Millions of patients face being dropped by their GP for being too healthy. They will be axed if they have not seen a doctor in five years and fail to respond to two written warnings. The measure is aimed at freeing up space on surgery lists as well as saving public money. In some areas patients are being written off after just a year. NHS bosses say cash is being wasted paying GPs for ‘ghost’ patients who have either died or moved away. But MPs and campaigners say the crackdown will penalise patients who avoid making a fuss, especially middle-aged men and the elderly.

A scheme that discriminates against healthy people by axing patients from surgery lists if they have not visited their GP for five years will harm safety, campaigners have warned. Doctors’ and patients’ groups have said the cost-cutting measure also risks leaving elderly and vulnerable people accidently deprived of primary care. NHS England has employed the outsourcing company Capita to begin a process of “list cleansing”, with the aim of cutting costs by ensuring accuracy over which patients are using which services.



THE former First Minister for Scotland Alex Salmond had some words of advice for Theresa May – not to “mess with the people of Scotland”. Mr Salmond said he predicted that Scottish independence is inevitable and warned that the new Prime Minister would cave into pressure from Holyrood for a fresh referendum on independence if Nicola Sturgeon felt that was in the best interests of Scotland. Ms Sturgeon, the incumbent First Minister for Scotland, has previously stated that she will do what is necessary to protect the country’s position in the European Union (EU) after the UK voted for a Brexit on June 23. Mr Salmond compared Mrs May’s stance on Scottish independence to previous Tory prime minister Margaret Thatcher, who he said “wasn’t known as a friend of Scotland”.



THE European Union’s flagship trade deal with Canada was on the brink of collapse today after a Germany political party sued Brussels over its implementation. Centre-left Die Linke has launched legal action to block the controversial Comprehensive Economic and Trade Agreement (CETA) pact, saying it is unconstitutional under German law.  The party’s attempt to torpedo the hated deal is just the latest in a series of devastating trade blows for the EU, which is unravelling following the Brexit vote.  And it reveals once more the cavernous differences opening up between different member states which have effectively rendered the European project unworkable.  Earlier this month Canada’s despairing Trade Minister Chrystia Freeland asked: “If the EU cannot do a deal with Canada, I think it is legitimate to say who the heck can it do a deal with?”


Morning Star
FAMILIES raising funds to put Tony Blair in the dock and secure justice for their relatives killed in Iraq smashed a £50,000 target for legal fees within hours yesterday. The Iraq War Families Campaign Group, representing the 179 service personnel who were killed in the rush to follow the US into military action, extended their target to £150,000 after the overwhelming display of support. The group launched the appeal in the wake of the Chilcot report’s damning conclusions that Britain went to war based on “flawed intelligence” about Saddam Hussein’s proclaimed weapons of mass destruction. A cross-party group of MPs is also planning to put a resolution to the Commons holding Blair in contempt of Parliament for his conduct in the run-up to the Iraq war.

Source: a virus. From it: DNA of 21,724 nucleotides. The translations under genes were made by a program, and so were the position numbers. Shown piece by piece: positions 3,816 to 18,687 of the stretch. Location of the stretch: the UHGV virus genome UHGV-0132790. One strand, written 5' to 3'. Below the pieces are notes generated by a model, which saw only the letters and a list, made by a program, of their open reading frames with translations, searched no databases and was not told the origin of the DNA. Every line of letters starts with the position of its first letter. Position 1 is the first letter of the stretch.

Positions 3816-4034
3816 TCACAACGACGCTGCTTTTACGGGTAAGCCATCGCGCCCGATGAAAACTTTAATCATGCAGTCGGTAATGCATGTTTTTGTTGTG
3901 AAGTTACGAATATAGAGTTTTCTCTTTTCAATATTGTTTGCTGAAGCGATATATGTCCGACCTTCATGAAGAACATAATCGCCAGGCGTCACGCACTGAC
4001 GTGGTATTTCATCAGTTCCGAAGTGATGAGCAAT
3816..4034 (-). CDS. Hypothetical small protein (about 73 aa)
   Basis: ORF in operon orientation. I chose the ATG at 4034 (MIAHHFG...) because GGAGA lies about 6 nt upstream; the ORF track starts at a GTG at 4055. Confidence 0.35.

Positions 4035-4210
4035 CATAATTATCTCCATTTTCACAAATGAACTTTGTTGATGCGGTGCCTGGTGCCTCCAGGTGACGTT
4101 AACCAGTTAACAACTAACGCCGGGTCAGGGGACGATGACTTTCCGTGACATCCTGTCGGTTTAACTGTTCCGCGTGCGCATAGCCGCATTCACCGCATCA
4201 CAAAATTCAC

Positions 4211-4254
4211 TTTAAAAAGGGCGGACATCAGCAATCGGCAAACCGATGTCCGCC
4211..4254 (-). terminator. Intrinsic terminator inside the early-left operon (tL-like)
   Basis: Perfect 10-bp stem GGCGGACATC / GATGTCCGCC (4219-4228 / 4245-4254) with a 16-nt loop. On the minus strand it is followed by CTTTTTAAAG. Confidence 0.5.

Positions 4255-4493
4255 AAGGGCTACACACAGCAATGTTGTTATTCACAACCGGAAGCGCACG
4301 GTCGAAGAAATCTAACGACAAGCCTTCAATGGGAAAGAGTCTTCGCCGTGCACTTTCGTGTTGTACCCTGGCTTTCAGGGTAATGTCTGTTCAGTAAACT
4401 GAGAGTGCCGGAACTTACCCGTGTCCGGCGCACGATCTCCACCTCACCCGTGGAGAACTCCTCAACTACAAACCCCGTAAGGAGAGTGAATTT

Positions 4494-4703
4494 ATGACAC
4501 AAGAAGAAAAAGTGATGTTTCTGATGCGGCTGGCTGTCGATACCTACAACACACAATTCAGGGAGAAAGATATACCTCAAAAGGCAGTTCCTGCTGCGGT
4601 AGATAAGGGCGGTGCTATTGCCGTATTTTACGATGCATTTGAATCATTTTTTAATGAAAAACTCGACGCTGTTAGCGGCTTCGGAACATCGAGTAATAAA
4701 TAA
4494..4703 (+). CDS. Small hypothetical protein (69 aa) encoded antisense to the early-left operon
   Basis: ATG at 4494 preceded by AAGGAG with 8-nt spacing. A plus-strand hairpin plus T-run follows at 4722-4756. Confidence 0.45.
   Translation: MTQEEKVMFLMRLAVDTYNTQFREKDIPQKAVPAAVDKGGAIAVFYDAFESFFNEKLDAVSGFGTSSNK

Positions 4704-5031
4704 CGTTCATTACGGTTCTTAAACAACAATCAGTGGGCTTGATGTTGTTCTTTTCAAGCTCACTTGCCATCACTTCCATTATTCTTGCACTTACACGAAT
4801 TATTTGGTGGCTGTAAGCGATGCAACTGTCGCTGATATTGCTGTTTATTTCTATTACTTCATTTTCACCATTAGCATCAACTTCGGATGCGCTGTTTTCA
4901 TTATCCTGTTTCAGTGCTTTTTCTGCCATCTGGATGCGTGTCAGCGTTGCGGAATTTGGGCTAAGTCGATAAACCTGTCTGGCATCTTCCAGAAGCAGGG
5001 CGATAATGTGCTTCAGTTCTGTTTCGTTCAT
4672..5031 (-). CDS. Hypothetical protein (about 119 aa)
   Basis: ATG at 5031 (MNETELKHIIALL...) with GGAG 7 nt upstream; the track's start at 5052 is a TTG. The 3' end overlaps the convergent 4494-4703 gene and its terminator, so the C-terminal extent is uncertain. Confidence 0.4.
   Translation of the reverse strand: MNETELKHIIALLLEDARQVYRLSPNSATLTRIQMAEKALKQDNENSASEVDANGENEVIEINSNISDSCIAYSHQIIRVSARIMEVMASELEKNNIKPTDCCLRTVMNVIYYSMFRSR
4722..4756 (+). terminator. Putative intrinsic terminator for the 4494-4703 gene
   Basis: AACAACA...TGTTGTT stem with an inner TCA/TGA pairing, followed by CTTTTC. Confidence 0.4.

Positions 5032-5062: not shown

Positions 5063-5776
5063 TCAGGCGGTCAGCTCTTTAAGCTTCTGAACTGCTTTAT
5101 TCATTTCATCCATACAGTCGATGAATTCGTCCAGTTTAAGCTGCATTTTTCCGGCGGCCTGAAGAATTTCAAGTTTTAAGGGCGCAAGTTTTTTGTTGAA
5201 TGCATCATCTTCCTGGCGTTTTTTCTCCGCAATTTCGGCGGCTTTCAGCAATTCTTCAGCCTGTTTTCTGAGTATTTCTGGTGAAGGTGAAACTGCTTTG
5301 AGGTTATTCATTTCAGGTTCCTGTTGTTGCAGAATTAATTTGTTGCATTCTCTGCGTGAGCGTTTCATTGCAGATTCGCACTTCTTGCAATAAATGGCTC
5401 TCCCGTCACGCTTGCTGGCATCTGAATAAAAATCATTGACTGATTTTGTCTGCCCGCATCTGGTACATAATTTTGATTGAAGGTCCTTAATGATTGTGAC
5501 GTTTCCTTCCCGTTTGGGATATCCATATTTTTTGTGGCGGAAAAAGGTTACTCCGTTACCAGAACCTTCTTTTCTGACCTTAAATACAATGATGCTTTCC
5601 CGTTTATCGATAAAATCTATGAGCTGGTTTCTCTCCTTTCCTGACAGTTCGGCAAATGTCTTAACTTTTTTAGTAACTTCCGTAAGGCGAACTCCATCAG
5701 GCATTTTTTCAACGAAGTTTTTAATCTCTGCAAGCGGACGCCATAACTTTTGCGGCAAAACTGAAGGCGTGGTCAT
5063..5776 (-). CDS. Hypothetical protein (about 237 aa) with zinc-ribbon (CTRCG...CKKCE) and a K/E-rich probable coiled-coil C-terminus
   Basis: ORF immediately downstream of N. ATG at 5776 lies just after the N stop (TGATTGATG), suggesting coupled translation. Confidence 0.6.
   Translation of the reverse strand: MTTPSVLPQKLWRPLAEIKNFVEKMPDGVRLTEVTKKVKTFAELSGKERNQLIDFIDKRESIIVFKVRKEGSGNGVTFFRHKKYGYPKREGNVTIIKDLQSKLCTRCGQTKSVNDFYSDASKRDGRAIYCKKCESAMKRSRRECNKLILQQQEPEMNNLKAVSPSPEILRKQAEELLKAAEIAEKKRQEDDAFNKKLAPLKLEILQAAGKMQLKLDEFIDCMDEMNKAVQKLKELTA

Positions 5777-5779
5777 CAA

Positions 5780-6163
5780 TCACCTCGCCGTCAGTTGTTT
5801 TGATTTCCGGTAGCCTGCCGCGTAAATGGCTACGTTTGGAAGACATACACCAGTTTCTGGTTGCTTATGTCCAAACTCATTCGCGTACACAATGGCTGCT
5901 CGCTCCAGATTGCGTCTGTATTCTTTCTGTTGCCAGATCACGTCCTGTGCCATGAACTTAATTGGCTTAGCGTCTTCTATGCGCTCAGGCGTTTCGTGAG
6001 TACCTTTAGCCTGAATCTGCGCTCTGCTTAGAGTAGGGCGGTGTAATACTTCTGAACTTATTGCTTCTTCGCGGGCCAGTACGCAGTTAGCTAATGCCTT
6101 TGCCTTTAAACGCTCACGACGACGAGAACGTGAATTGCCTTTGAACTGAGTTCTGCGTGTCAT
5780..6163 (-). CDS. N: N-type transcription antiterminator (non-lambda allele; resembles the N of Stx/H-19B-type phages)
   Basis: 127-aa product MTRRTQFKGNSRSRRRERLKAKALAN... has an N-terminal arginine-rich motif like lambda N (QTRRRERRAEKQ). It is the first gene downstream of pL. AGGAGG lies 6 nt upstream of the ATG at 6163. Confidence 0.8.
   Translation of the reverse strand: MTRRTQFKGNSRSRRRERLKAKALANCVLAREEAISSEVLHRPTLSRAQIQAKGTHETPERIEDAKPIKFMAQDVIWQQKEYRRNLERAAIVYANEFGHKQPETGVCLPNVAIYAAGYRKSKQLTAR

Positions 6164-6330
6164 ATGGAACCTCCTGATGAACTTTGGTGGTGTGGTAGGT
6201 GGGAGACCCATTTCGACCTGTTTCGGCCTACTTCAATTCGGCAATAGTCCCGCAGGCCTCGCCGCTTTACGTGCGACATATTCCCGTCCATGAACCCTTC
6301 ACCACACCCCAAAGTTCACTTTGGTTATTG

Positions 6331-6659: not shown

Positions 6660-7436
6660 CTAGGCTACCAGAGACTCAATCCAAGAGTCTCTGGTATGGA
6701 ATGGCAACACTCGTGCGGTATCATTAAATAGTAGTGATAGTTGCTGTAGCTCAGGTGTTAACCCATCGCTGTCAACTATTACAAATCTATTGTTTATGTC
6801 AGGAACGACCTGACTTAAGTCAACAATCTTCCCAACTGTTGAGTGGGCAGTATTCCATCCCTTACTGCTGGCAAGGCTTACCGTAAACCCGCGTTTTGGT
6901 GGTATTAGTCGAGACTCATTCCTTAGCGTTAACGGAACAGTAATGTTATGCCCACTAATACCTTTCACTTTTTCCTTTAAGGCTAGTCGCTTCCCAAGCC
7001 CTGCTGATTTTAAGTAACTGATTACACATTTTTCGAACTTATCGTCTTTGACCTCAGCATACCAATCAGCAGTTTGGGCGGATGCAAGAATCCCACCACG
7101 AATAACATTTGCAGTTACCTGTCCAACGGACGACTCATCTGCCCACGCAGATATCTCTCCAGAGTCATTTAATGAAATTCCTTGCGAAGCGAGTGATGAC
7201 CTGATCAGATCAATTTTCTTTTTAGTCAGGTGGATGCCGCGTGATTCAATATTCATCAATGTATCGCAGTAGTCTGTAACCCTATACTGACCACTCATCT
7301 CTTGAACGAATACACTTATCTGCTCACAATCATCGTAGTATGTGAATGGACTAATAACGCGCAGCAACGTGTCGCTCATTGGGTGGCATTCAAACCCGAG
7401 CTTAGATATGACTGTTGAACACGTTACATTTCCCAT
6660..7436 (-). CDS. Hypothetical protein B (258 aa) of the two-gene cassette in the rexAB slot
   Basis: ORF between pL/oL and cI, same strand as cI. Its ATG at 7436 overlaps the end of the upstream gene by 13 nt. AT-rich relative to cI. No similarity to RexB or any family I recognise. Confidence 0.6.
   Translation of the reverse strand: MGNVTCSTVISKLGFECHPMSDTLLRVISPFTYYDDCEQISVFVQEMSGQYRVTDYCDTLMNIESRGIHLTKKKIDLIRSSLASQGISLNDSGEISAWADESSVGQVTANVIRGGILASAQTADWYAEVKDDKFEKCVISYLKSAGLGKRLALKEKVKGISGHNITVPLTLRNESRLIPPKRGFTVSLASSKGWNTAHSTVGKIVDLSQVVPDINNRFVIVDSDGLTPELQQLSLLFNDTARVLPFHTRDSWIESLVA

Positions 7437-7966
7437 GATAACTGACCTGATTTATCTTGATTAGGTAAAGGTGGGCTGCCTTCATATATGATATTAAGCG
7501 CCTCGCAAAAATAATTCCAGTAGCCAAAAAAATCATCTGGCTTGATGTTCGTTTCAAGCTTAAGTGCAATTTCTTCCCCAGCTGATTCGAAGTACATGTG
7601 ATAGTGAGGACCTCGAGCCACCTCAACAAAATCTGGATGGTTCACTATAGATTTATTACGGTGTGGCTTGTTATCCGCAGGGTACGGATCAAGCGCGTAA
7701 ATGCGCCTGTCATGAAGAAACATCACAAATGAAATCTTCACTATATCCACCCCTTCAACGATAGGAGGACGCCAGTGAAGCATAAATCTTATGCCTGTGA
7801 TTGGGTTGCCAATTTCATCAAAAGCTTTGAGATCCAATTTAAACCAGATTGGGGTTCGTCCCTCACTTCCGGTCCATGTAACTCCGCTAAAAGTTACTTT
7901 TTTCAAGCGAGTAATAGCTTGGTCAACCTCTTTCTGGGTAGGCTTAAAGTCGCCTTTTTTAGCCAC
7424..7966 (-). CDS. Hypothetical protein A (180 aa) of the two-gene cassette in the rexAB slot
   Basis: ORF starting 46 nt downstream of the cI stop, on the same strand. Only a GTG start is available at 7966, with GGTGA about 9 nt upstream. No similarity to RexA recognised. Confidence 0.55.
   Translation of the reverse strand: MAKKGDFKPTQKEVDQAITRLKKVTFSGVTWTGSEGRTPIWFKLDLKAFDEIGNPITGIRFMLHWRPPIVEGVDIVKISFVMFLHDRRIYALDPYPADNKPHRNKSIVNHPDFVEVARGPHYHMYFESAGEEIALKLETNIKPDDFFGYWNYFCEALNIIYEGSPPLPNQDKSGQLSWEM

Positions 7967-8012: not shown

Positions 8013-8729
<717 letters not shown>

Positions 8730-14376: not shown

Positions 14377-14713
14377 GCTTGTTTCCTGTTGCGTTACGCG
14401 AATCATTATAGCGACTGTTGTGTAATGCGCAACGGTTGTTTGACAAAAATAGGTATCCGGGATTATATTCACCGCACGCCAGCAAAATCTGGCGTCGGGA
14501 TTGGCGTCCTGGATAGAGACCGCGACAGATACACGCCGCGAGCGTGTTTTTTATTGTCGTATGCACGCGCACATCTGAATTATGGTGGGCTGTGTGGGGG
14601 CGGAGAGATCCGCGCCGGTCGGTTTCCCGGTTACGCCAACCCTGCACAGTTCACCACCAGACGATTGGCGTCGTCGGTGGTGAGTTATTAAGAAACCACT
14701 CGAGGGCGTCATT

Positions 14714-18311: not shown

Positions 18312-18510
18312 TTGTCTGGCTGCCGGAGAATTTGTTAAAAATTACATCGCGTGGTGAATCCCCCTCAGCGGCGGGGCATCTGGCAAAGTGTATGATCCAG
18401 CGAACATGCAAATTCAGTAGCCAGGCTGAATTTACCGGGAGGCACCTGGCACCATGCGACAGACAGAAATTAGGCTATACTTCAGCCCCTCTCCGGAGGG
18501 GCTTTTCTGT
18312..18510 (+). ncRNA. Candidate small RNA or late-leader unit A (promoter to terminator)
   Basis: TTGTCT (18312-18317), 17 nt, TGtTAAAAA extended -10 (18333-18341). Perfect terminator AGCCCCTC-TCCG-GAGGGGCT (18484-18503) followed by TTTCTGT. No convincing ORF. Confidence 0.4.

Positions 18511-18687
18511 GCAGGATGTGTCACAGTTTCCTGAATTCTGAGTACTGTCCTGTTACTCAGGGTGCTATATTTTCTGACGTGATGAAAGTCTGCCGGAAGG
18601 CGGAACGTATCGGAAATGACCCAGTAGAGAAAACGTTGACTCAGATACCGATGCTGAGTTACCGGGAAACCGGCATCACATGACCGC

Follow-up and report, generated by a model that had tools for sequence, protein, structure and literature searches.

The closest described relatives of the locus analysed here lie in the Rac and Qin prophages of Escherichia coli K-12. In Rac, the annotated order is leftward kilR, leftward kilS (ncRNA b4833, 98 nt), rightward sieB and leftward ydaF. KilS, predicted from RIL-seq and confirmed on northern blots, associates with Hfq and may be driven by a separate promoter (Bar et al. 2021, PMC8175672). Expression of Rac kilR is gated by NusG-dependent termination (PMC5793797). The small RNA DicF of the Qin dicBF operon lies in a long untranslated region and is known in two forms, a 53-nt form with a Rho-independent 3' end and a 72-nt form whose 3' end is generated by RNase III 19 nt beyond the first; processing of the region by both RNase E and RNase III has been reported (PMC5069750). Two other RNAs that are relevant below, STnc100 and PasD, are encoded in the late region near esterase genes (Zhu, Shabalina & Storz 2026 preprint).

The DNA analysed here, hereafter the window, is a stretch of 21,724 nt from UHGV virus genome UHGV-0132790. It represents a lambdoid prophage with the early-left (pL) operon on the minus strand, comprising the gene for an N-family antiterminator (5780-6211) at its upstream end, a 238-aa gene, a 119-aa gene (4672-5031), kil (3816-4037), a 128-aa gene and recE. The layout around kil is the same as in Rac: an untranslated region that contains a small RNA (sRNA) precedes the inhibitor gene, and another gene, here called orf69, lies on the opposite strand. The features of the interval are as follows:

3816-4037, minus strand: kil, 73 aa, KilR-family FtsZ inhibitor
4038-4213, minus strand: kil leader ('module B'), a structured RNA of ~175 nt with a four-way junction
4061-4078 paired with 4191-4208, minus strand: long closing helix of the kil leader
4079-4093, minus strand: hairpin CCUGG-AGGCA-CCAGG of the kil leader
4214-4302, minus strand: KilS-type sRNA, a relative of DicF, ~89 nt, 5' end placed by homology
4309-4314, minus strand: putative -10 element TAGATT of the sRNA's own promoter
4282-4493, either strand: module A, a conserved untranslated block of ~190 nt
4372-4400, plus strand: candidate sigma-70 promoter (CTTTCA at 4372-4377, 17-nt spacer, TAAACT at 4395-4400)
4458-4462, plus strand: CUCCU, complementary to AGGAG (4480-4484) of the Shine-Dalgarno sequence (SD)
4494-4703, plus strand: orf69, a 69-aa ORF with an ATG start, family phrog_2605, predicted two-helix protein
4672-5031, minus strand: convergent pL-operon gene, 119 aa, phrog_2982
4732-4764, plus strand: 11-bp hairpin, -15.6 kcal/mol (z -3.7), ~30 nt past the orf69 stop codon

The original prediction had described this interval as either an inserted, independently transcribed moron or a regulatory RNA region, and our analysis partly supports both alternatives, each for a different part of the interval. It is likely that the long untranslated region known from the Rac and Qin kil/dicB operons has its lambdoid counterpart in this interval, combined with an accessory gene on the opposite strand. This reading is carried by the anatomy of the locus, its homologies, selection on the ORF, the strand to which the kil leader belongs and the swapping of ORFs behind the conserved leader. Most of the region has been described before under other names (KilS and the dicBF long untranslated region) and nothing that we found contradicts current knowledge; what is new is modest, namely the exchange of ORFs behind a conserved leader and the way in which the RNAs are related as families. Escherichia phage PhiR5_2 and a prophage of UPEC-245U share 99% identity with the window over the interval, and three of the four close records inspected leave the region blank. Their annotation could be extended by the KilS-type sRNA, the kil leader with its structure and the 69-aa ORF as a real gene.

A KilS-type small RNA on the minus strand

A question mark has been placed over the future of David Cameron’s target of reducing net migration to “tens of thousands” by the next election, with the new prime minister, Theresa May, set to head to Germany for talks about Britain leaving the EU. Doubts about the target arose after the new home secretary, Amber Rudd, would only say her goal was to bring it down to “sustainable levels”. Her refusal to endorse the specific target provides a hint that it may at some point be dropped by May, a former home secretary, despite a promise in the Conservative manifesto to reduce net migration to below 100,000 before 2020.

The failed Tory pledge to cut net migration to the ‘tens of thousands’ is on the verge of being scrapped, two senior Cabinet ministers suggested yesterday. New Home Secretary Amber Rudd, who is in charge of Britain’s borders, twice refused to back the controversial policy. She said only that the Government was committed to reducing immigration to ‘sustainable levels’.


Liz Truss, the new justice secretary, promised to continue Michael Gove’s “radical” jail reforms yesterday, as a damning report revealed a surge in violence behind bars. Peter Clarke, the chief inspector of prisons, warned Ms Truss that a clear strategy was needed to deal with psychoactive substances in jails that had helped to push up assaults by a third. Mr Clarke said that levels of violence and staff shortages were at their worst for at least ten years with incidents of self-harm, self-inflicted deaths and apparent homicides all higher last year.